JEAN PASCAUD was born in Rouen, France in 1903 and studied engineering at the Ecole Centrale des Arts et Manufactures in Paris. Though trained as an engineer, Pascaud’s interest was in the decorative arts and after the 1925 Exposition Internationale des Arts Decoratives et Industriels Modernes (which later launched the term Art Deco), he turned his attention to the design of furniture.
His interest was encouraged by his wife’s father, Auguste Bluysen who was president of the Societe des Architectes Modernes and in 1927 Pascaud began to design his own furniture. Pascaud began showing his work in the early 1930s in the Salon des Tuileries, the Salon d’Automne, and the Salon des Artistes Decorateurs.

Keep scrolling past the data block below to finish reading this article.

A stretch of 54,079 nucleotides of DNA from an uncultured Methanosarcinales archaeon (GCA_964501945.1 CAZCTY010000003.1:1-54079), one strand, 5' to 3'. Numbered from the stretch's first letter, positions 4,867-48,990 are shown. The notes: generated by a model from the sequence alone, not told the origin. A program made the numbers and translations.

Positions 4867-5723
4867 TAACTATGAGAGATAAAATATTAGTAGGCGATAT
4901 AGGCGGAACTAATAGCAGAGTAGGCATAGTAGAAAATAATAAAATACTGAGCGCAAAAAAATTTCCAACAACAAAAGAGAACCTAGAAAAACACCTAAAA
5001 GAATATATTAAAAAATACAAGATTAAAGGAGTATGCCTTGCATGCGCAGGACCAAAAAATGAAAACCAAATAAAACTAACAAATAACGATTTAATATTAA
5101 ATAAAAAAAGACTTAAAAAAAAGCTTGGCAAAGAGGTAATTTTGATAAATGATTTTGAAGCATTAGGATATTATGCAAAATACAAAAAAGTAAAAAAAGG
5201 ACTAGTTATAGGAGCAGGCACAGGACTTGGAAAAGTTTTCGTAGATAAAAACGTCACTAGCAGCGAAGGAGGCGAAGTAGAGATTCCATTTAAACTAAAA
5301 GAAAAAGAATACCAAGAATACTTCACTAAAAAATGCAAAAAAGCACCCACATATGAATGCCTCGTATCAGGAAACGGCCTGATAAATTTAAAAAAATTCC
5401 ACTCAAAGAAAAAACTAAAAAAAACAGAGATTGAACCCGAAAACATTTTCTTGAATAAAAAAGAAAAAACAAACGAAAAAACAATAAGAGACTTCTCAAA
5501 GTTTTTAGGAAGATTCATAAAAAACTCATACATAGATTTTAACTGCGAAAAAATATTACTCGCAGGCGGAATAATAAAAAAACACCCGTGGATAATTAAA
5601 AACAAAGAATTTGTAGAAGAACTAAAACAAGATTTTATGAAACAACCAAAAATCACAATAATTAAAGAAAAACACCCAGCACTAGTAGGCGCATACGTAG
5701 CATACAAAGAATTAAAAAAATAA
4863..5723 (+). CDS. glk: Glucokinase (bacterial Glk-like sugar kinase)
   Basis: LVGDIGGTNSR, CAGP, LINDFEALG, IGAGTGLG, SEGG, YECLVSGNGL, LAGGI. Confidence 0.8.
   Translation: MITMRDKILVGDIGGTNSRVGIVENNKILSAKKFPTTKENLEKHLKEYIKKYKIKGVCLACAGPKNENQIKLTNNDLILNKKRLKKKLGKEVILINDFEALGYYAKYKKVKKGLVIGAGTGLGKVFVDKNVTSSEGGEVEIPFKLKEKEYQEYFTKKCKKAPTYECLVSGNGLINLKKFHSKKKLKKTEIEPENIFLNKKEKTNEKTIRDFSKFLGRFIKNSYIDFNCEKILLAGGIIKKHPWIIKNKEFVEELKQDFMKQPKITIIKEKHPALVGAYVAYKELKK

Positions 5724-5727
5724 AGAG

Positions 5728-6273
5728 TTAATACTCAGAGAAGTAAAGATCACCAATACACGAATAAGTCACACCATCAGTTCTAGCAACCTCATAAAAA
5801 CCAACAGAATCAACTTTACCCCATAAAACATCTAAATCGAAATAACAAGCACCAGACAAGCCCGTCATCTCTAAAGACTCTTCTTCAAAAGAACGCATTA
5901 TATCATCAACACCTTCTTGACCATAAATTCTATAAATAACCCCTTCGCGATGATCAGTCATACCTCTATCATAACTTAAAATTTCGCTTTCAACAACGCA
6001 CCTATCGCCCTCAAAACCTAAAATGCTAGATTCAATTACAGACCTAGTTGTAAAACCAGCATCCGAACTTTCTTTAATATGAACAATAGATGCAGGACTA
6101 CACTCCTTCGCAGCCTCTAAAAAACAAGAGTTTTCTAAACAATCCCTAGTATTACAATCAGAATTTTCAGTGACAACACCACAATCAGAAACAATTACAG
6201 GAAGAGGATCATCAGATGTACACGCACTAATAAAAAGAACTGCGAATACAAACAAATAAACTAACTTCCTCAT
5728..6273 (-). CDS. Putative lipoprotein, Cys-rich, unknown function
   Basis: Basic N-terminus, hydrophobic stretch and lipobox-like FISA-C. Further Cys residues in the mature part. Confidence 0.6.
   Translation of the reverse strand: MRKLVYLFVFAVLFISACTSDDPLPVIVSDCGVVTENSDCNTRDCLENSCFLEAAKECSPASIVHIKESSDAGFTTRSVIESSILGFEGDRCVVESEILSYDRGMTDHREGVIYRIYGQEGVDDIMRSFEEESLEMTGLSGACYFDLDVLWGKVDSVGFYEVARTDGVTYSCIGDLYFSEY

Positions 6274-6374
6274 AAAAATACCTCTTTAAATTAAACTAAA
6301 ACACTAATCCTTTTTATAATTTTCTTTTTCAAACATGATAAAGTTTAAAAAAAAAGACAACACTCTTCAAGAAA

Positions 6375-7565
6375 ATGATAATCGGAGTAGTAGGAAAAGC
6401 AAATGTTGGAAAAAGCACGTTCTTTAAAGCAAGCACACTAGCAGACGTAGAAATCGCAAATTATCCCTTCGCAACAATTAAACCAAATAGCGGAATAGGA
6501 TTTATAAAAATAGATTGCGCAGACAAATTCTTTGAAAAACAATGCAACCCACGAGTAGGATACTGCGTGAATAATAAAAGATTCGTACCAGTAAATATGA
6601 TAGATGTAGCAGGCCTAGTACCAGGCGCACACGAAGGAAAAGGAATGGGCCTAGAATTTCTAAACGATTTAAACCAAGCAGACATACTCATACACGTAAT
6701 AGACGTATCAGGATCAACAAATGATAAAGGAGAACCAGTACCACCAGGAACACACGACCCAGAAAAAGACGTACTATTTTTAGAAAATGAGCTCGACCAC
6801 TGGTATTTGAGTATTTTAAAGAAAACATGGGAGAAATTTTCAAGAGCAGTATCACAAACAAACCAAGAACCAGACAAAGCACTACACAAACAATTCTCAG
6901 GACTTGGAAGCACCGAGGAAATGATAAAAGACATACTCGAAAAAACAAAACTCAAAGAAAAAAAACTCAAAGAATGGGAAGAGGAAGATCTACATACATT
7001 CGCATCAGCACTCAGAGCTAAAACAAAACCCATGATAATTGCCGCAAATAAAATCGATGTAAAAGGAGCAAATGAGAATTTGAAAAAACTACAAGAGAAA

A traditionalist with a similar design sensibility to Andre Arbus and Jacques Adnet, Pascaud’s style was contemporary while also bearing the hallmarks of fine proven design principles. Pascaud used fine materials and careful embellishment. His refined design won him the grand prize at the 1937 Exposition Internationale des Arts et Techniques dans la Vie Moderne, Paris.